Over our stay we would make our purchases that were to return home, the shop owners so patient with our feeble attempts at French. I swear Bess almost 'turtled' several times due to the weight of the backpack. She also bought several pairs of shoes, as is her way. On Christmas eve, we walked the snowy city streets, stopped into tiny churches preparing for midnight mass, saw the spectacle of TV cameras at Notre Dame and had an authentically delicious Greek dinner at wooden tables in a neighborhood joint. We also hailed our first cab of the 10 days and requested that driver take us to all the famous spots, best vantage point to take photos please, one after the other as we'd actually made it to none of them.

By the time we returned to our room it was around 2am. We were to be up by 5am to have plenty of time to make a 9am flight home and still make it to Bess's family's Christmas dinner. I'm fairly sure I was the one that suggested we stay up but Bess was confident we could nap and be refreshed. At 7am the banging came at the door. The frantic front desk clerk had been trying to ring us since 5am and was beside himself that we were going to miss our flight. I do not remember much as we hurled clothes into our bags except that I remember looking over at Bess as she was wrapping one of her new pairs of shoes in the sachet paper? What? But no time. I kissed the desk clerk’s cheek with unbrushed morning breath and we flung ourselves into cab in nothing more than 10 minutes. Boarding was always harrowing as Bess was traveling on her Canadian passport, they separated us and asked what was in our bags. I started yammering about a poster we'd purchased and then realized we'd forgotten our stash of cheeses! I believe we crossed the plane threshold with about 5 minutes to spare. I asked for water. The flight attendant didn't just bring us little cups...she brought us a liter of water. Flight attendants, back in that day, used to be happy and they'd be doubly happy for the double-time they'd earn for the easy flights such as Christmas day.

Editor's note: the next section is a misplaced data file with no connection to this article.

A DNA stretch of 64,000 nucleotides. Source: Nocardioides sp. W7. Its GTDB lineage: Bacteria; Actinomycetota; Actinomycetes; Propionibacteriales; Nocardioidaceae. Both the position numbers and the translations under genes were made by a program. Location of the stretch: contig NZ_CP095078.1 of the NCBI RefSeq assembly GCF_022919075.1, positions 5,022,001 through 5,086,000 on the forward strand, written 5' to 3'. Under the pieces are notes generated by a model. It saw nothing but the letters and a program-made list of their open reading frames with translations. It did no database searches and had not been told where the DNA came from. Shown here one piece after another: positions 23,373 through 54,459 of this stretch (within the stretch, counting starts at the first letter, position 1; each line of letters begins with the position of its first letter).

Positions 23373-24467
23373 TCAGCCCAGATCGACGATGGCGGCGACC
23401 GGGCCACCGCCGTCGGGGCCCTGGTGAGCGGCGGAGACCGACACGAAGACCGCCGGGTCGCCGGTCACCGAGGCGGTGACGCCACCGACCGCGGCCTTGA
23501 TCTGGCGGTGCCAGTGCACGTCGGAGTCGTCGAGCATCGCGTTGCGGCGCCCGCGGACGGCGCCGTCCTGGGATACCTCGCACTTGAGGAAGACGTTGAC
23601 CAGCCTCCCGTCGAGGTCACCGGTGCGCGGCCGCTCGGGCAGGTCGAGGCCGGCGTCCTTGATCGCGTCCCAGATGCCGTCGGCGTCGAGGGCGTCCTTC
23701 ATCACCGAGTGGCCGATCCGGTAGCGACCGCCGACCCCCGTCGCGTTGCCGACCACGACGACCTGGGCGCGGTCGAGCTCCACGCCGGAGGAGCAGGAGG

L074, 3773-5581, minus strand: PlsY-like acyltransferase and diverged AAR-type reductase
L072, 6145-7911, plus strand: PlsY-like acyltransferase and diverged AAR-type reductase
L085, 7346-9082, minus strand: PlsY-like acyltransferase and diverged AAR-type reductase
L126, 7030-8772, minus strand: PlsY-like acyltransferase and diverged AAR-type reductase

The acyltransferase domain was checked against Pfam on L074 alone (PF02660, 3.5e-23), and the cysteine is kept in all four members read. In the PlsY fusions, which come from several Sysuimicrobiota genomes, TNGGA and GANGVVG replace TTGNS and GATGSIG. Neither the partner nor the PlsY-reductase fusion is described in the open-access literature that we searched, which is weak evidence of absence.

Once in the air, there was some kind of food and a lovely male attendant just kept dropping off tiny bottles of vodka and tomato juice. Hair of the dog, you know. Somewhere, as I was nodding off to sleep, I said to Bess, "Why did you wrap your shoes in the stinky shelf paper?" "It wasn't the shoes,” She replied. “It was the shoebox and it's full of the cheeses." I fell happily into slumber.

We've taken any number of trips since then and experienced more worldly cheeses, including even an amazing facility tour and lunch at Il Forteto just outside of Florence. We've been lucky enough to have the amazing Feta of Greece while in the islands, Soft Pecorino and the silky Fontina in Italy, and, of course, Cheddar in England. We've enjoyed some of the great cheeses coming out of Wisconsin and Northern California. We have a dear friend who is an importer and distributor for some of the finest cheeses in the world and have cooked for the head cheese buyers at chains like Whole Foods and Central Market.

In short, you might want to call me a Cheesie instead of Foodie. I do truly love them all. However, the tastes of childhood are not easily dislodged and so, I guarantee you, as soon as the air chills and holiday is upon us, I'll be sidled up to my cheese ball and my Cracker Barrel without one iota of embarrassment or one lick of hesitation.